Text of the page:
Treating practice as something that is distasteful or chore-like sets a negative tone for instrument practice. Communication with parents and students surrounding home practice should always have a positive and proactive tone. This means that parents are more likely to view dips in home practice as resulting from factors that can be fixed rather than as something that is inevitable and negative. When communicating with parents about home practice, always offer a positive solution.

Here’s how I start my emails when I want to call attention to a practice issue, yet keep the tone positive:

”Hi John – I really enjoyed helping Sophia with her composition in lessons last week! She seemed to be really keen to show it to you, and I know that having her very own piece to play at home will help her get to the piano more frequently this week. She loved experimenting with making her own motives! When she’s at the piano this week, could you encourage her to create some more motives and bring them into her next lesson? Thanks in advance for your assistance. She just glows when she’s excited to show me her practice results in the weeks where she spends a lot of time at home on the piano.”

3. You need more than one person rowing the boat…

A boat moves slower when only one person is rowing. Being the only person in charge of a student’s home practice success is a precarious position to hold. When things get rocky, all eyes turn to you.

Frequent communication with parents about home practice ensures that you establish a healthy balance of responsibility. This means that communication about home practice isn’t one-sided. Instead, it’s a collaboration of parent and teacher that results in a much more stable response.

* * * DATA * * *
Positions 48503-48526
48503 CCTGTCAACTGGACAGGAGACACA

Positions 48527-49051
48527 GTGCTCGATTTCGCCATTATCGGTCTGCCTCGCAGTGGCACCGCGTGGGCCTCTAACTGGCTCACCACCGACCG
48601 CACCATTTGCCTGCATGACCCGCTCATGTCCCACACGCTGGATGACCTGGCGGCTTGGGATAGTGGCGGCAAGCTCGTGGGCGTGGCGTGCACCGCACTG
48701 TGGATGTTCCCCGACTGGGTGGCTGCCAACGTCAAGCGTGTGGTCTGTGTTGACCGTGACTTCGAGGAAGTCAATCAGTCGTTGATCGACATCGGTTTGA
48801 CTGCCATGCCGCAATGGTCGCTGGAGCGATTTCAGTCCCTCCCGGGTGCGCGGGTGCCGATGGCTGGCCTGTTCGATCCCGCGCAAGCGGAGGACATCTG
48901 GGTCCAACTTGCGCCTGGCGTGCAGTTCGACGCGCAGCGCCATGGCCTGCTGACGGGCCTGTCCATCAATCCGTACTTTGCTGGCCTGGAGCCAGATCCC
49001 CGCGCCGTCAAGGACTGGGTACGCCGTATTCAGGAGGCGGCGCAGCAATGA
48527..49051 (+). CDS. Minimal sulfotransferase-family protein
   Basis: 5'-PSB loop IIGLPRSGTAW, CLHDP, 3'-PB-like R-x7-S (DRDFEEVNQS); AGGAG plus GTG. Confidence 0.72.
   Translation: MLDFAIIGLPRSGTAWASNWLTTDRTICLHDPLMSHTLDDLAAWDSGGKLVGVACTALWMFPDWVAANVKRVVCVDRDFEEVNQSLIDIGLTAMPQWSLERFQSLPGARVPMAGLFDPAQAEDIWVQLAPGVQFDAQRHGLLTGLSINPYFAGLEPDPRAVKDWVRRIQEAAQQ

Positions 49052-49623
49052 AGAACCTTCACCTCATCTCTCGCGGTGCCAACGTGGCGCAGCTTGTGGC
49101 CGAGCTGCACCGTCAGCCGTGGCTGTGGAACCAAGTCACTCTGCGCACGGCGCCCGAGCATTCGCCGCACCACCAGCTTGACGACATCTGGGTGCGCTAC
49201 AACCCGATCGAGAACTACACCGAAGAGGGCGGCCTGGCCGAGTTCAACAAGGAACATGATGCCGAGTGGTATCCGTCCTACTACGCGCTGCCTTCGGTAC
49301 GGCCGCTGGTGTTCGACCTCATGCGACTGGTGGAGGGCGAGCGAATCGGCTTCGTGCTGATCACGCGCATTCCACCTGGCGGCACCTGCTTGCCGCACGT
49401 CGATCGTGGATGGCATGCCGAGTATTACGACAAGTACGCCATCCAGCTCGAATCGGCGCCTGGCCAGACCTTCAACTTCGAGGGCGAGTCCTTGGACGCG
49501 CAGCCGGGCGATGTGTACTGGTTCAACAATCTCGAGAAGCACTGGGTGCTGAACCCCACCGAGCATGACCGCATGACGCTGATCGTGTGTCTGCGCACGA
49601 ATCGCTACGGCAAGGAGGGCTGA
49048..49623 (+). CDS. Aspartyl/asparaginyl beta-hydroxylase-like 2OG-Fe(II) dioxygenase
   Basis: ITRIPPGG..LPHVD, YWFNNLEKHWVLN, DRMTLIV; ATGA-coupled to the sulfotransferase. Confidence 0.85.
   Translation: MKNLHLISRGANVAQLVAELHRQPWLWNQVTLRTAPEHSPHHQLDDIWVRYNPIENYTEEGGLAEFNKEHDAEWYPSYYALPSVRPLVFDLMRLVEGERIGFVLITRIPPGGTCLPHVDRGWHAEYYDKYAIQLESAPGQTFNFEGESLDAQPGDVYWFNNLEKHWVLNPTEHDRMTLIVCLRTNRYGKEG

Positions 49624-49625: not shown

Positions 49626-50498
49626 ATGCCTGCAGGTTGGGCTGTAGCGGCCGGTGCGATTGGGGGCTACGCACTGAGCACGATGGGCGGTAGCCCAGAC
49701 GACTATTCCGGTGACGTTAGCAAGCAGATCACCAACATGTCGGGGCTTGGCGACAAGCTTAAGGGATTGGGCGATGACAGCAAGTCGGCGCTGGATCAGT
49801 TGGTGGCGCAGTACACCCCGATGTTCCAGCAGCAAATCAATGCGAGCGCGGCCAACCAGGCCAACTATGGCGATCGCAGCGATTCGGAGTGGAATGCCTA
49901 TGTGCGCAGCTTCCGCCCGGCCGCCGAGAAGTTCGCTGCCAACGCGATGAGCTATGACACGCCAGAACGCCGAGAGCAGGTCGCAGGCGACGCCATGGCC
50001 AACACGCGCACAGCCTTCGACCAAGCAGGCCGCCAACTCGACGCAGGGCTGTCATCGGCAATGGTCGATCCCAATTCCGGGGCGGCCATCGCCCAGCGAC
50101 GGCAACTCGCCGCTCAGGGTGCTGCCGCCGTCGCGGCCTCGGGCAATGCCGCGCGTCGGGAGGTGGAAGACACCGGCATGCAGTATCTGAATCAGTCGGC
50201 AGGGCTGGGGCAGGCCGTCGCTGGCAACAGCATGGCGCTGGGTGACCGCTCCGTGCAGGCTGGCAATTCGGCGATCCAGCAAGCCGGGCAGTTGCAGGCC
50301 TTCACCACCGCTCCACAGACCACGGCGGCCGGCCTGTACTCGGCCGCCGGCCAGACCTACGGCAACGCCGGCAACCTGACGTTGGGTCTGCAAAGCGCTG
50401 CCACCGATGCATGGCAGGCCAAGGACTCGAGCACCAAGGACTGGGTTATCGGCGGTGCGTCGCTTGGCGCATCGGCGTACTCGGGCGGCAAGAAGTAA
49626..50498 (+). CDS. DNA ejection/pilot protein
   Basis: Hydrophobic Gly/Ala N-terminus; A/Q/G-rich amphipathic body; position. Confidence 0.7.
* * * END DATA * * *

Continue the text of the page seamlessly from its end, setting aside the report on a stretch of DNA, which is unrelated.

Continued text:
Needing to catch a practice problem in the early stages and encourage parental participation? I start my emails like this:

”Hi Jenny – I know we talked last week about Owen’s frustration with his practice at home. Fill me in – was it better this week?  I sent home a piano game that the two of you could play if he starts to get upset- it teaches the same concept that his current piece focuses on but might provide a new way of looking at the rhythm that is causing him troubles. I know he’d love to play it with you or with Mark. Today we talked about practice strategies in his lesson (as you and I did on the phone on Monday). If you could gently remind him of these strategies when he’s at the piano I think he’ll have a much better week. Thanks for your help – we’ll get him through this glitch 🙂”

THE FINAL PIECE OF THE PUZZLE

Encouraging parents to regularly communicate with YOU is the final piece of the puzzle! You may be surprised to find that parents are actually worried about bringing practice problems to your attention instead of vice versa. Frequently check in and ask for updates from their perspective. Working as a team on the home practice front means having all of the information out in the open at all times.

If you need any advice or help on how to get your students practicing please get in touch on info@musicavenue.ie

🙂